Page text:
Banking IBPS PO Preparation

Banking IBPS PO Preparation

IBPS PO Preparation

Logical Reasoning :

Statement & Conclusion: Identify whether the conclusion logically follows from the statement (e.g., Statement: All swans are white. Conclusion: Some white birds are swans - True).

Cause & Effect: Establish a cause-and-effect relationship between events (e.g., The car wouldn't start. The battery was dead - Cause: Dead battery, Effect: Car wouldn't start).

Strengthening & Weakening Arguments: Evaluate arguments and identify factors that strengthen or weaken them (e.g., Weakening Argument: If it rains, the ground is wet. The ground is wet, so it rained - There could be other reasons for a wet ground).

Identifying Assumptions: Recognize underlying assumptions in arguments (e.g., Assumption: Everyone who works hard will be successful - Not everyone who works hard is guaranteed success).

Analogies: Identify relationships between concepts and find similar relationships in other pairs (e.g., Doctor : Patient :: Teacher : Student).

Exercise 1: Analyze the following statement and conclusion: "All flowers are red. Roses are flowers. Therefore, all roses are red." Is the conclusion logically true? Why or why not?

2. Alphanumeric Series :

Identify the pattern in a sequence of letters and numbers and predict the next term (e.g., A1, B2, C3, D4, E...).

The pattern could involve alternating letters and increasing numbers, adding a fixed value to both letters and numbers, or following a more complex logic.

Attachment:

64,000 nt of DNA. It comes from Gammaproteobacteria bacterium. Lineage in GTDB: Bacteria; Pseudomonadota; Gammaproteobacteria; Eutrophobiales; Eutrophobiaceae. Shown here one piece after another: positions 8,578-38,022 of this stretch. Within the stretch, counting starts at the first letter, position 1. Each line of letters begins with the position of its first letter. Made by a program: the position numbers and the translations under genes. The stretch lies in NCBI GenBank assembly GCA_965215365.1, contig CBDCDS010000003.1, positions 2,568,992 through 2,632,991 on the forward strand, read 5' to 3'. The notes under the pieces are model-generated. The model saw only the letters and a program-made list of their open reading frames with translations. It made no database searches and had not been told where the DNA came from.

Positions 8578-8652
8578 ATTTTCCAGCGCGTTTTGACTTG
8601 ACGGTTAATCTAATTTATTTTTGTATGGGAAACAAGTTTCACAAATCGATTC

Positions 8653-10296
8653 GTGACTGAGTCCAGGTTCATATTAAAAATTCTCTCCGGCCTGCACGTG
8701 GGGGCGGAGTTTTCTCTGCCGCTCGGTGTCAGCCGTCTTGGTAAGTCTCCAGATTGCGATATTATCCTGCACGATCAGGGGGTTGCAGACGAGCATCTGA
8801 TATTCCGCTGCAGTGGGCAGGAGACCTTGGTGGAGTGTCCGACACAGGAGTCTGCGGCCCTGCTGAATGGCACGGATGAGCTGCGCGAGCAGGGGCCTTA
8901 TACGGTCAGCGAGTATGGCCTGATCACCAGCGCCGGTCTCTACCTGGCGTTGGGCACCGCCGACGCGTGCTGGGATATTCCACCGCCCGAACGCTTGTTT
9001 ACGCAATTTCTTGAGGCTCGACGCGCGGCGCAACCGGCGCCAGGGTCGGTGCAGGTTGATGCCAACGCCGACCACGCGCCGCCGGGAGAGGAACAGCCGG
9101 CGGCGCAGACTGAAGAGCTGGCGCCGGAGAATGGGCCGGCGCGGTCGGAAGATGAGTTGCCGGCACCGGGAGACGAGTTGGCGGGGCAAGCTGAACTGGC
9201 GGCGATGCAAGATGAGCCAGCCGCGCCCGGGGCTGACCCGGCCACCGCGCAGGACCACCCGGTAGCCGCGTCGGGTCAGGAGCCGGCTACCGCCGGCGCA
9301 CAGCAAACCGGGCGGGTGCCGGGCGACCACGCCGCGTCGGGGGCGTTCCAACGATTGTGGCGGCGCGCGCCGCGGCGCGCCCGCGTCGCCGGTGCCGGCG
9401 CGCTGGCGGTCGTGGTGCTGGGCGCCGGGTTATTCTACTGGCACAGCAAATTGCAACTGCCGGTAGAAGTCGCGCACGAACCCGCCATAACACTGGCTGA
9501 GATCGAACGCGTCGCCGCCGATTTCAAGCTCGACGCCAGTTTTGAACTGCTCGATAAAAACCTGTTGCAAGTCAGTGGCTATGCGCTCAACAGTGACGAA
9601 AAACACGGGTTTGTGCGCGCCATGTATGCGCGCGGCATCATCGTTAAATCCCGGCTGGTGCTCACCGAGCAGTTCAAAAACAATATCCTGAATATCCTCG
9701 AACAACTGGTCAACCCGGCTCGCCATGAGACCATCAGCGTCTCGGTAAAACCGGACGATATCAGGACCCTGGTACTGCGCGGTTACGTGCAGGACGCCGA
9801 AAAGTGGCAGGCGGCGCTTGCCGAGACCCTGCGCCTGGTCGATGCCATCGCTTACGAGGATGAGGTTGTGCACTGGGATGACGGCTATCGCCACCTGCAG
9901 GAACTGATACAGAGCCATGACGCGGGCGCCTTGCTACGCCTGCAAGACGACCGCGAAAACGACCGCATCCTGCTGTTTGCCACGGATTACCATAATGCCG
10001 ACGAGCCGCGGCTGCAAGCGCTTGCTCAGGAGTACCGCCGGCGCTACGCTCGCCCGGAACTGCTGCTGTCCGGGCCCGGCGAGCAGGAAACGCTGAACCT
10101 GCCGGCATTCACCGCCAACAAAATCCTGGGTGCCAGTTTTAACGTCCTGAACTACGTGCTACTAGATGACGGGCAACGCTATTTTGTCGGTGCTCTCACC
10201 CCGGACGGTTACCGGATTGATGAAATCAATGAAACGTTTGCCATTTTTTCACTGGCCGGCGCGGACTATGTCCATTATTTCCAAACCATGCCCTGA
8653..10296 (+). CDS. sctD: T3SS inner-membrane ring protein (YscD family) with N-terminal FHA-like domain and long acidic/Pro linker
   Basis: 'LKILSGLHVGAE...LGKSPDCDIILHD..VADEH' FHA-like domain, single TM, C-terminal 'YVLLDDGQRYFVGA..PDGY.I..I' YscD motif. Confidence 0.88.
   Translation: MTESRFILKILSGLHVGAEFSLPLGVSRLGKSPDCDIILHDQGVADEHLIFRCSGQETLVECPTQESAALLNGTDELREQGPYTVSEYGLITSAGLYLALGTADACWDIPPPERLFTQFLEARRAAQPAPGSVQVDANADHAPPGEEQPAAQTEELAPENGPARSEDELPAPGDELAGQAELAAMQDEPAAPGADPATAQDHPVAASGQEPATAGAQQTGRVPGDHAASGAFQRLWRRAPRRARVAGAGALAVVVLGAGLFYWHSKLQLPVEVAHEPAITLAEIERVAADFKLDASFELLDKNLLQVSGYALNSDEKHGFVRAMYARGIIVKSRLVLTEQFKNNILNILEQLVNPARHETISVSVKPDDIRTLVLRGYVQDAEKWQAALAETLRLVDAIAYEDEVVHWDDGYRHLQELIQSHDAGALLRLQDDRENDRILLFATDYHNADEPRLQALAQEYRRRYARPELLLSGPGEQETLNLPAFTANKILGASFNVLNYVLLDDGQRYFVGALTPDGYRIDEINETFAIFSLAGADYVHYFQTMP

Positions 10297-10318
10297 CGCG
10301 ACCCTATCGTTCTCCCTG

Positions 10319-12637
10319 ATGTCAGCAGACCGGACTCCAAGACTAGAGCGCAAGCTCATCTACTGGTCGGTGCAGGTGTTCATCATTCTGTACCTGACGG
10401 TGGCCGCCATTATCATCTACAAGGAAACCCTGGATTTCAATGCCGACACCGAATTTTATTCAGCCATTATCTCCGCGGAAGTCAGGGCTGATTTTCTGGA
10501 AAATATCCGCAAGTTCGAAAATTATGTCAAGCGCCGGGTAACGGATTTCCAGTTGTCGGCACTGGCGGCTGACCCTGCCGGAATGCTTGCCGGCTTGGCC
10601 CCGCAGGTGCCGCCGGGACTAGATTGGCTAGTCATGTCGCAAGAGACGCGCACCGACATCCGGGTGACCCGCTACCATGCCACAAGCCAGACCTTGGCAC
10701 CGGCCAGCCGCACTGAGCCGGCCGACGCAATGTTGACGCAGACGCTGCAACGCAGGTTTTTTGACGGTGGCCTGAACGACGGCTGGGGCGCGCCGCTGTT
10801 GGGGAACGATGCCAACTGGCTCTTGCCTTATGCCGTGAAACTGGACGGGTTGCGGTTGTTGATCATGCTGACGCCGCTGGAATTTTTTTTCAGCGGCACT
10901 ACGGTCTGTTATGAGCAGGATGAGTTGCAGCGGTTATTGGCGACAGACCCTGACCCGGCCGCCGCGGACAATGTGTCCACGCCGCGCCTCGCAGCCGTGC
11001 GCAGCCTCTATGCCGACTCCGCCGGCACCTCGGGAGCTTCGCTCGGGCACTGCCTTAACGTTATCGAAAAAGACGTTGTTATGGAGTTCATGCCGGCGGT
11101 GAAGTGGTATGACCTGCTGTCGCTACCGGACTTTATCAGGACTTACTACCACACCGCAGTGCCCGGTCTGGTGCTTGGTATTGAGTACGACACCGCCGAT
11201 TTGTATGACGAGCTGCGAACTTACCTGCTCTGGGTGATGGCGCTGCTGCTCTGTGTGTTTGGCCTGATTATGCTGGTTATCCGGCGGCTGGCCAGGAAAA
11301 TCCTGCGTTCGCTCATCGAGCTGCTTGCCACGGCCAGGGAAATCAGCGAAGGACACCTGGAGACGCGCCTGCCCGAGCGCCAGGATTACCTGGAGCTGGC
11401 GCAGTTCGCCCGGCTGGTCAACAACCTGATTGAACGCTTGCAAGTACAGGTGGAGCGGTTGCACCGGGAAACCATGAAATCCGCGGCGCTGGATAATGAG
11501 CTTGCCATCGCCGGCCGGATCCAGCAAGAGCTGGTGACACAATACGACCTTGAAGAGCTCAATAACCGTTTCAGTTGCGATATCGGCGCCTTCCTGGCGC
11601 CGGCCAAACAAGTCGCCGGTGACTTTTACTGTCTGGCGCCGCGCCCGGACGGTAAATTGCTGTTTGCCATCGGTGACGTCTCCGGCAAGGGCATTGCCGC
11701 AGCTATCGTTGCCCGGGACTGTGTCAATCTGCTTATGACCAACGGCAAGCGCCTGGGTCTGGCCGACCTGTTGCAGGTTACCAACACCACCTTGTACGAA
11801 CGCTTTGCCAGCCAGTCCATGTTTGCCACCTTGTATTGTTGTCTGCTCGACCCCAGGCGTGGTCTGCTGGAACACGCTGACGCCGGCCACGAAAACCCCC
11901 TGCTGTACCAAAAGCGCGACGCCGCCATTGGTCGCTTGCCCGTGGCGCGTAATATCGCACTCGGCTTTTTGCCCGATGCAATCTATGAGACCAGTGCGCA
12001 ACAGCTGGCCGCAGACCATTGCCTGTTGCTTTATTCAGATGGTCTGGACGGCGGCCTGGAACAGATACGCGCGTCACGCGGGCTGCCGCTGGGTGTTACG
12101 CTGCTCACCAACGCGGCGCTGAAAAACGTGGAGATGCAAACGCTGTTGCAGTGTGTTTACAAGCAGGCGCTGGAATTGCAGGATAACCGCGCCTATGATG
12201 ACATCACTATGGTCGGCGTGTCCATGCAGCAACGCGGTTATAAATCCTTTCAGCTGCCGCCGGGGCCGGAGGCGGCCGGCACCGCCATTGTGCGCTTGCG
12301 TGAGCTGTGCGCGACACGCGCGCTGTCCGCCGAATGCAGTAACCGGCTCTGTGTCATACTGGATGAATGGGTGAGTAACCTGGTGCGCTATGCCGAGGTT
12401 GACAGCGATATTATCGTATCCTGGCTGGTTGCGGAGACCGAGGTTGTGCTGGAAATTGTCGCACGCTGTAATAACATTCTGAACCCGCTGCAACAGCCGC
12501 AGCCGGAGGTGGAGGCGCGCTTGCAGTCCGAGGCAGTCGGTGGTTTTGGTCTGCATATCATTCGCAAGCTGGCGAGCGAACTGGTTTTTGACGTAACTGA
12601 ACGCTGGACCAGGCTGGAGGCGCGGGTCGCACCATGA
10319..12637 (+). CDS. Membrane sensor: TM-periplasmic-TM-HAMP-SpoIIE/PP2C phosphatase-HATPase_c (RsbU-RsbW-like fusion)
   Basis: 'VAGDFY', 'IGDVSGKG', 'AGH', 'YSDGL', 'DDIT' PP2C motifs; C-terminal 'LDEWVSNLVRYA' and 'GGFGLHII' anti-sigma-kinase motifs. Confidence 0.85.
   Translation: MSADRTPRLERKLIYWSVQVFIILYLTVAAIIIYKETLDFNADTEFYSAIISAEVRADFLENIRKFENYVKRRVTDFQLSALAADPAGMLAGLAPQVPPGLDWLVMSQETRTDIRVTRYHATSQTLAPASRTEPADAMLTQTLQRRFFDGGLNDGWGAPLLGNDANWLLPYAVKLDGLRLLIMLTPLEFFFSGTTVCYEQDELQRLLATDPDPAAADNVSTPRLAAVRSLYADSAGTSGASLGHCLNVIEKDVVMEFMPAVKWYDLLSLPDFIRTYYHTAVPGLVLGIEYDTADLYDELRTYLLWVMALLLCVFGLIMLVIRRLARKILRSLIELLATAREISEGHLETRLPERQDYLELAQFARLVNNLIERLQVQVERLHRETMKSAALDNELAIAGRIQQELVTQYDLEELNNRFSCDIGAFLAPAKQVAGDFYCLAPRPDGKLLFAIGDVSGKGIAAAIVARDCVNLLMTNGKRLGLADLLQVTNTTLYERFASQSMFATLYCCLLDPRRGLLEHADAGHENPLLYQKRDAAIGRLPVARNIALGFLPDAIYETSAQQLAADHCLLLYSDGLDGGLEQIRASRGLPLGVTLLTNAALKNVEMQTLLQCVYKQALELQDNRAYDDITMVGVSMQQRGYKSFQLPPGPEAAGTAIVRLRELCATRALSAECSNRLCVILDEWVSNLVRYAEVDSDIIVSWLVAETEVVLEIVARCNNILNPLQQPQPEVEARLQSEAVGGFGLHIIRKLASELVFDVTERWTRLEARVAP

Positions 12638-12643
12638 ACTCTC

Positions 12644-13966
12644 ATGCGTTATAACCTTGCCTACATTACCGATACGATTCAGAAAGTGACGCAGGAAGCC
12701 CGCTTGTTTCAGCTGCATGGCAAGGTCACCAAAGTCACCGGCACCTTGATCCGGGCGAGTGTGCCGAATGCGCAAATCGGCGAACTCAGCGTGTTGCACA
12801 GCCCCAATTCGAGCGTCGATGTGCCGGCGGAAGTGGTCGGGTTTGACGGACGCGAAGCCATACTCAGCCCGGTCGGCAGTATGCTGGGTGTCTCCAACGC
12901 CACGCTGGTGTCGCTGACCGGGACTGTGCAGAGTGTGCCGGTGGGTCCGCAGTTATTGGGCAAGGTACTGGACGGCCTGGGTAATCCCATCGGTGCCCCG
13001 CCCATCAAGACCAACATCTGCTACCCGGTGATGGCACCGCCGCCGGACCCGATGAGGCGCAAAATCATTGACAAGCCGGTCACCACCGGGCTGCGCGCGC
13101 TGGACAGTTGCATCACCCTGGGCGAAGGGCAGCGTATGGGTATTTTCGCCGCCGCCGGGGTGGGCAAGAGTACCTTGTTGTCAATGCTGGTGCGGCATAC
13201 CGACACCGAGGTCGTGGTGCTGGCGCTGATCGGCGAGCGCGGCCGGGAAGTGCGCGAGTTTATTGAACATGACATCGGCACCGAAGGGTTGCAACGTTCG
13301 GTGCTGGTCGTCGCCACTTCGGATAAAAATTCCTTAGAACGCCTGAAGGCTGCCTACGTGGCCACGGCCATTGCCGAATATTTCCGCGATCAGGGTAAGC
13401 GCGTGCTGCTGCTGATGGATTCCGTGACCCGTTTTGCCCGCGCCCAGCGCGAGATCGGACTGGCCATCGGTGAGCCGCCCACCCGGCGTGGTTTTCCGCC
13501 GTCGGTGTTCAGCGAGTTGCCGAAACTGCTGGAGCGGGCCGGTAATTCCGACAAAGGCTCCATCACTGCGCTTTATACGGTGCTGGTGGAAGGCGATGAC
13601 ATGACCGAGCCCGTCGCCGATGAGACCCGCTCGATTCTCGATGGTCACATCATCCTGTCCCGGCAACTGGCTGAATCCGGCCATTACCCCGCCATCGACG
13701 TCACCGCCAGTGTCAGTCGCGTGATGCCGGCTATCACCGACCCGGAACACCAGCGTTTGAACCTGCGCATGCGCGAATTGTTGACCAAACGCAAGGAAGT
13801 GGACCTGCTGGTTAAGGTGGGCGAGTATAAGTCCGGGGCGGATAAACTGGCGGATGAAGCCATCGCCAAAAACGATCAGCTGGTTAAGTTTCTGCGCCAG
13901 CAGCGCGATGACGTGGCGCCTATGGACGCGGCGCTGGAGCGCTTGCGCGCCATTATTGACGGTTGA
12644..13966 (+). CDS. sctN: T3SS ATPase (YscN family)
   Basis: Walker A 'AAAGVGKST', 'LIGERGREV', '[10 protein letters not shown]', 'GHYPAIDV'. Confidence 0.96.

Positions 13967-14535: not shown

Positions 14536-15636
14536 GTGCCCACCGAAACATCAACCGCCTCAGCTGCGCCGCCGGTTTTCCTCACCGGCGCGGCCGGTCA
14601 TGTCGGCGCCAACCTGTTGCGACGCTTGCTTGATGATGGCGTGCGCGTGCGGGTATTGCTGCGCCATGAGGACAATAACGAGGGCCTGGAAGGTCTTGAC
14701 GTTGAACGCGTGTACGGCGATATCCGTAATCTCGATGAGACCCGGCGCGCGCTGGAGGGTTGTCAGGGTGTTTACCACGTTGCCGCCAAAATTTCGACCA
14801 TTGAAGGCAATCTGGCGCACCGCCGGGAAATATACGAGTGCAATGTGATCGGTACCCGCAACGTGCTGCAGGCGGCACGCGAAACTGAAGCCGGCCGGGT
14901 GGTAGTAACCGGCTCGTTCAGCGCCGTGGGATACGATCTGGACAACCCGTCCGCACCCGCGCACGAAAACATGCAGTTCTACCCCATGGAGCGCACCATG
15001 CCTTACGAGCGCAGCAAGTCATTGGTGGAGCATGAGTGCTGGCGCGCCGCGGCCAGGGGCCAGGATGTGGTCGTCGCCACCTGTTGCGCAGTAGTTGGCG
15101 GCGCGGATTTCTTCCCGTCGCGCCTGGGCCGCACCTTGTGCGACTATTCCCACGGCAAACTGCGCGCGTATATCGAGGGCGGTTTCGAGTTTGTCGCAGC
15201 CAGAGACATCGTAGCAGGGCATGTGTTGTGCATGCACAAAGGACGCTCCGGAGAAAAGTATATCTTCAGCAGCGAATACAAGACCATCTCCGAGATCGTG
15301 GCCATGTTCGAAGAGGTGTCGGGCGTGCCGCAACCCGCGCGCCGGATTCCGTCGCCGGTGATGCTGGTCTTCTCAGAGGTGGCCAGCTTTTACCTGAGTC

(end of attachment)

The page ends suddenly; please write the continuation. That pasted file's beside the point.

Exercise 2: Find the next term in the series: 2W, 4X, 6Y, 8Z, ...

3. Ranking/Direction Puzzle :

You are given information about the relative positions or directions of objects or people (e.g., A is to the left of B, C is between D and E).

Use this information to deduce the final arrangement or answer questions about their positions.

Exercise 3: In a line, A sits to the left of B, C sits to the right of D, and B is not next to D. Who is in the center?

4. Data Sufficiency :

You are presented with data in the form of statements or numbers and asked to determine if the data is sufficient to answer a specific question.

Analyze the information carefully and identify if it's enough to reach a definite conclusion (e.g., Data: The total cost of 2 apples and 3 oranges. Question: Is the cost of an apple more than the cost of an orange? - Insufficient data).

Exercise 4: Data: The average weight of 5 students. Question: Is one student heavier than 70 kg? - Insufficient data (we need individual weights).<